Remember Roth IRA conversion taxes
Anyone, regardless of income, can convert a traditional individual retirement account to a Roth IRA. But when that option first became available in 2010, a special feature that year allowed individuals who converted to a Roth IRA to spread the taxes due on converted amounts equally over the 2011 and 2012 tax years. That means your first Roth conversion tax bill will be included on your 2011 return filed in 2012. Make sure you have that cash on hand, and plan now for the 2012 conversion bill.
Claim your American Opportunity
The American Opportunity Tax Credit was a centerpiece of the 2009 stimulus bill. The new education tax break expanded the existing Hope Credit, providing a credit of up to $2,500 of the cost of qualified tuition and related expenses, and up to $1,000 of the credit could come back to the taxpayer as a refund. The American Opportunity Credit was originally supposed to end in 2010, but it was extended through 2012.
Pay attention to Form 1099-K
If you get a Form 1099-K in 2012, don’t toss it. The new form records payments received in 2011 by credit card or through third-party networks such as PayPal. This added income reporting mechanism was created as part of the Housing Assistance Tax Act of 2008 and is finally taking effect for the 2011 tax year because of concerns that some small businesses do not report all of their income. Previously, the Internal Revenue Service had to take taxpayers’ word that all income was reported because the agency didn’t have access to credit card or online payment details. The 1099-K changes that.
Be ready for basis reporting
Beginning with the 2011 tax year, brokers must report an asset’s basis, the value that is used to determine profit when you sell, to the IRS. That amount will show up on the 1099 forms you receive in 2012 for 2011 stock transactions. Additional basis reporting will be phased in, in 2012 and 2013. You might have heard of this new requirement when your investment managers asked which type of basis reporting you preferred they use. Generally, brokers must report the sale of securities on a first-in, first-out basis unless the customer specifically identifies which securities are to be sold.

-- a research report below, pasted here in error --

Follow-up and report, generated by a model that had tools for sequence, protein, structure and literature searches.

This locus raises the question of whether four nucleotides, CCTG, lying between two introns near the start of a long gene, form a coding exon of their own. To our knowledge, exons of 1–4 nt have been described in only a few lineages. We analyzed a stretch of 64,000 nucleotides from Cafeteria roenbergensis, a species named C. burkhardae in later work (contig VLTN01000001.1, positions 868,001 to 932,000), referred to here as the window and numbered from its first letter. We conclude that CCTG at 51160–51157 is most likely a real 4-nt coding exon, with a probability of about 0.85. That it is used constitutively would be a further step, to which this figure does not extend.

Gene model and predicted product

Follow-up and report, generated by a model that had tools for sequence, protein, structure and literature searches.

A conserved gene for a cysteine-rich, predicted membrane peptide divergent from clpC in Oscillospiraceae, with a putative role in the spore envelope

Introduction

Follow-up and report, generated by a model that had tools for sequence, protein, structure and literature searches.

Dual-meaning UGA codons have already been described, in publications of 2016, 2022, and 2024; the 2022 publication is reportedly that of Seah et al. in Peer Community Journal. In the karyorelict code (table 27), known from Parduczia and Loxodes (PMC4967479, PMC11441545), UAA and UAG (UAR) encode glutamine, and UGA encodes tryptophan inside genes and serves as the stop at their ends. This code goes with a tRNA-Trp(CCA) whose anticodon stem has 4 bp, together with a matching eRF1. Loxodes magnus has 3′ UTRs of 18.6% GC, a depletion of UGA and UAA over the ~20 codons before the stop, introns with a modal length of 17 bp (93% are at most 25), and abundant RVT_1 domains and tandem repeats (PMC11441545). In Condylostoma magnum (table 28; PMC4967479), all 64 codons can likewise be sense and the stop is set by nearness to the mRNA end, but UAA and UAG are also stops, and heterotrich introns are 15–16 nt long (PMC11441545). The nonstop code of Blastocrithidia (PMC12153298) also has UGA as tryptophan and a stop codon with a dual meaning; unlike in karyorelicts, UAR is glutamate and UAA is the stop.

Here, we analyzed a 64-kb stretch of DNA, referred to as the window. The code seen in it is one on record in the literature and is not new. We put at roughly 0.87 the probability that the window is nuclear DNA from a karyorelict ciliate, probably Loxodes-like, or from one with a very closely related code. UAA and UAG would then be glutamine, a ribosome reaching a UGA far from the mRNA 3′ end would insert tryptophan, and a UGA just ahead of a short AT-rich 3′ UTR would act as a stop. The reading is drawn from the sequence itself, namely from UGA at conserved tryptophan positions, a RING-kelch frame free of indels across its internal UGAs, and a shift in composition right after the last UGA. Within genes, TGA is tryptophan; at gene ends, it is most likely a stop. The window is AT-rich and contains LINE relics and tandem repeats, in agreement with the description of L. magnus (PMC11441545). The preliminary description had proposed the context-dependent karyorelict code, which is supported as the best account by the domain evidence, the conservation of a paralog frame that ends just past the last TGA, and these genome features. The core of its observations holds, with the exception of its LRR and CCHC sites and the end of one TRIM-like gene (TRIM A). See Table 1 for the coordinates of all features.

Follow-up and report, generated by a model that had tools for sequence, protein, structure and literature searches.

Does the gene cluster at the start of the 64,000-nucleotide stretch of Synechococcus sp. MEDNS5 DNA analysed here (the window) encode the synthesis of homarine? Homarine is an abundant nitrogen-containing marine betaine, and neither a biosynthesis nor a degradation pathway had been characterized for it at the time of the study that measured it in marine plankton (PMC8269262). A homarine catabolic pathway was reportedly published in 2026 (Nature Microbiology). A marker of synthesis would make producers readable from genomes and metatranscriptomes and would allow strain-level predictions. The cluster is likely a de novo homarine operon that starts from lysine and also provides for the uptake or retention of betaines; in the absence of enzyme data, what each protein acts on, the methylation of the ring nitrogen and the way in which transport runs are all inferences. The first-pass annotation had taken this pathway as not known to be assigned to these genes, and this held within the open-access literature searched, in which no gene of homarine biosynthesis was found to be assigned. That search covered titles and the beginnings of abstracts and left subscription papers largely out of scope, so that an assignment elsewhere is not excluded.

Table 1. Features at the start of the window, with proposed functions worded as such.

Plan for the added Medicare tax
Higher-income earners always have a few more tax considerations, and that’s true in 2012. In 2013, a new 3.8 percent Medicare tax is slated for collection on profits from the sale of investment property.
This includes capital gains, dividends, interest payments and, for those who own rental property, net rental income. The tax will apply to individuals with a gross income of $200,000 or more or married couples filing jointly with a combined gross income of $250,000 or more. If you’re in the targeted income brackets, talk with your tax and investment advisers about steps you can take this year to prepare for the new tax.
Assess AMT danger
The alternative minimum tax, or AMT, is a continual tax trap for millions of middle-income taxpayers. This parallel tax system was created in 1969 to ensure wealthier taxpayers pay a minimum amount of taxes, primarily by disallowing several common deductions that are claimed under the regular tax system.
But because the AMT is not indexed for inflation, Congress must increase the income levels affected by the alternative tax.
It’s possible that tax reform in 2012 could eliminate the AMT, a longtime goal of many lawmakers. But just in case that doesn’t happen and you fear you might end up paying the alternative tax, talk with your tax adviser about ways you can limit your AMT exposure.
Giving to charity can help reduce an annual tax bill, but if you have a large estate, gifts also are important estate tax tools. Thanks to the resurrection of the estate tax in 2011, the unified gift tax also returned. This means you can give away $5 million during your lifetime without having to pay the 35 percent gift tax.
There’s also an annual amount to note in giving away your estate’s assets while you’re still around to get thanks. In 2012, you can give up to $13,000 each to as many individuals as you wish without any tax costs to you or your gift recipients.
The information offered about is intended for educational purposes only. Consult with your tax advisor before following any of the author’s advice.